Friday, 24 January 1992 Washington, DC
1. JOHN DINGELL IS BACK IN TOWN--AND A LOT OF FOLKS ARE
Rep. John Dingell (D-MI), the scourge of loose
cost accounting, will hold new hearings next Tuesday on indirect
cost abuses by universities. Only government witnesses are
scheduled to testify at the hearings; they are expected to reveal
new audits that will implicate just about every university that
conducts government research. At issue is whether the federal
government can demand reimbursement of payments made under the
terms of Memoranda of Understanding signed by its own agents.
The contention is that MOUs were based on incorrect information
supplied by the schools.
2. THE SPACE SCIENCE COMMUNITY INCHES TOWARD PRIORITY
The Space Studies Board of the National Academy of
Sciences held a symposium this morning at which it revealed a
task force report on Setting Priorities for Space Research. The
report argues that priority statements by the space research
community are necessary and desirable. If that seems less than
revolutionary, someone from NASA said it wasn't needed--NASA
already has a panel to set priorities. In any case, this was
just "phase one"; phase two will tell us how to do it. The high
point was a thoughtful and eloquent talk on the need for priority
setting by Rep. George Brown (D-CA), Chair of the House Science,
Space and Technology Committee. Brown departed from his prepared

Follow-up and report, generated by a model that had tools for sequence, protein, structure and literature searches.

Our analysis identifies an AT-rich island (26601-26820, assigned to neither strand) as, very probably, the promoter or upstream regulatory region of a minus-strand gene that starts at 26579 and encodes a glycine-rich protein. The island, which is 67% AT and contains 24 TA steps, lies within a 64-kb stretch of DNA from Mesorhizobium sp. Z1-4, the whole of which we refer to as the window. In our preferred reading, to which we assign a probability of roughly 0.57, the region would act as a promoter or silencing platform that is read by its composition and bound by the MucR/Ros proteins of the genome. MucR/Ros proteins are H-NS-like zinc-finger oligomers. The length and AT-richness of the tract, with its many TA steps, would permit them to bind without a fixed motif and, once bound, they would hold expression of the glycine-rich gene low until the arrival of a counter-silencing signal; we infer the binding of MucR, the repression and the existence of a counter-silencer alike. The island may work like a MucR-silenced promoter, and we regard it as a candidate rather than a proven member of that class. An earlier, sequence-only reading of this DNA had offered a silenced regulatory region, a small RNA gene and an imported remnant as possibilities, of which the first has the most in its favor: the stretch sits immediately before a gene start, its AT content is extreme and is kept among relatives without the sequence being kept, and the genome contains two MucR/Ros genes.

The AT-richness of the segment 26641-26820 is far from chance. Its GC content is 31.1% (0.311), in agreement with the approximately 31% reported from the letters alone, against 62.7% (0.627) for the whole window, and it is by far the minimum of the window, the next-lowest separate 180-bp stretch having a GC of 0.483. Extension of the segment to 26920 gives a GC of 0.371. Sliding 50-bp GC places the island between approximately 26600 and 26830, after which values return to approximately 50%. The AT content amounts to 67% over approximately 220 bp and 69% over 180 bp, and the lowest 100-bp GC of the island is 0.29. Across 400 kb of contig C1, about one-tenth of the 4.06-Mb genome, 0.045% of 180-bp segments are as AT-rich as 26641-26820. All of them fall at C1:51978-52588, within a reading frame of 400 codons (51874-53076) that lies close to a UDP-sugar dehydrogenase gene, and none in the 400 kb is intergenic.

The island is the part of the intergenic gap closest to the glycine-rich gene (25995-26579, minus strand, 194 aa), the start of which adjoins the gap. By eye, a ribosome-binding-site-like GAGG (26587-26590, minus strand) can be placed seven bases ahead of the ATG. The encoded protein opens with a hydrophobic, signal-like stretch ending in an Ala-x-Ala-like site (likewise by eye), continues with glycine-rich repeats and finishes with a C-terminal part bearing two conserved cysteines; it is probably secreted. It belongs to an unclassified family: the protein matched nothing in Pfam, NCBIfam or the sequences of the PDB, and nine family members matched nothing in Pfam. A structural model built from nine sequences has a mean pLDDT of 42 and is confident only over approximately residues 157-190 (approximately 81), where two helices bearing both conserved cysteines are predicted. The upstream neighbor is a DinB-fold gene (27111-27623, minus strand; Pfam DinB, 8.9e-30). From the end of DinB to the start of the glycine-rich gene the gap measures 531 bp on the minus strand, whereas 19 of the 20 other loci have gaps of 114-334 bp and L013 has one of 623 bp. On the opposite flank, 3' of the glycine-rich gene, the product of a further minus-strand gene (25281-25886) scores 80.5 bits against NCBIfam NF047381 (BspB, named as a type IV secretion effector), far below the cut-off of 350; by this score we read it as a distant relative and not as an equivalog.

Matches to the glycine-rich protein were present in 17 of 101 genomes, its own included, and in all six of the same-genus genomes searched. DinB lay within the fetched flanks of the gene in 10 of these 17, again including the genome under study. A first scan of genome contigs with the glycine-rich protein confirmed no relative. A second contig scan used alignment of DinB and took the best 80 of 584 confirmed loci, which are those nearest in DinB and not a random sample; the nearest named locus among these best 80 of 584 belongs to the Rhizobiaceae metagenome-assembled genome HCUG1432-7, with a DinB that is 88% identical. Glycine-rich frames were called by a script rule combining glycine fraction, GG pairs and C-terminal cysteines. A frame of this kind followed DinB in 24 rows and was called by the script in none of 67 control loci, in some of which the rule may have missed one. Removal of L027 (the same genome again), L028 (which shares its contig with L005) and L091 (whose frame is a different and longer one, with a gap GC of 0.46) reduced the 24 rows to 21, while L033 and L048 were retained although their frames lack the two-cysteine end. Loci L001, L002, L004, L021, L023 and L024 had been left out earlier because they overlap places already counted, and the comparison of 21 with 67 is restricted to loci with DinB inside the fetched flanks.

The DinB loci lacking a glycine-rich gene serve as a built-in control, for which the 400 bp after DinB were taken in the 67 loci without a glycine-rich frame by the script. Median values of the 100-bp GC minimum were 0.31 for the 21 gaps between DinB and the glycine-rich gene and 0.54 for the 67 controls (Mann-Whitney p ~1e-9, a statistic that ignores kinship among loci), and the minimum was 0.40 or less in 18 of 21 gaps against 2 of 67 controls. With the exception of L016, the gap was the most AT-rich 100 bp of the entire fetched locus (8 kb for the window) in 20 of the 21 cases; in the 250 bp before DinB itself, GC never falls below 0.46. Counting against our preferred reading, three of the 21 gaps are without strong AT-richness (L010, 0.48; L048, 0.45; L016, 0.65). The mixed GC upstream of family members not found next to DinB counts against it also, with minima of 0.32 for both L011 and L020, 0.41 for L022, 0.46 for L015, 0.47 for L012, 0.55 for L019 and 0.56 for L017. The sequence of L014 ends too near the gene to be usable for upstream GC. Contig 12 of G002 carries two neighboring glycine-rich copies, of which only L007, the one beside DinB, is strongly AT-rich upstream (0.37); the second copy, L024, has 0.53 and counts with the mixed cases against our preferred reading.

remarks to comment that, "It is possible to envision a healthy
space science program without the space station--and perhaps
without the shuttle."
3. EACH SHUTTLE FLIGHT IN FY 92 IS EXPECTED TO COST $500
Space shuttle Discovery was launched Wednesday on
a "scientific" mission to find out if slime mold can thrive in
the absence of gravity and to examine "astronaut back-ache"
caused by elongation of the spine in weightlessness, along with
some 52 other equally important experiments. It is expensive
information; according to a General Accounting Office report, the
shuttle program accounts for more than one-fourth of NASA's FY 92
budget of $14.3B. The FY 92 shuttle manifest calls for only
seven flights, which works out to over $500M per flight--if they
all come off. NASA has not achieved its projected launch rate in
any previous year.
4. NASA HAD ORIGINALLY PLANNED ON SIXTY SHUTTLE LAUNCHES PER
at $50M each. NASA now hopes to reach ten per year by
the end of the decade. Noting that problems can be expected to
increase as the shuttle fleet ages, the GAO report questions
whether NASA can achieve a rate of even 10 launches per year.
Failure to increase launch rates would threaten viability of some
science missions. About 80% of the missions on the pre-Challenger
shuttle manifest were cancelled or launched on unmanned vehicles.
At least 17 launches will be needed to assemble Freedom and
perhaps 6 per year to maintain it. Meanwhile, NASA plans to cut
4,000 shuttle jobs over the next five years to free up more money
for Freedom. NASA officials insist the job cuts will not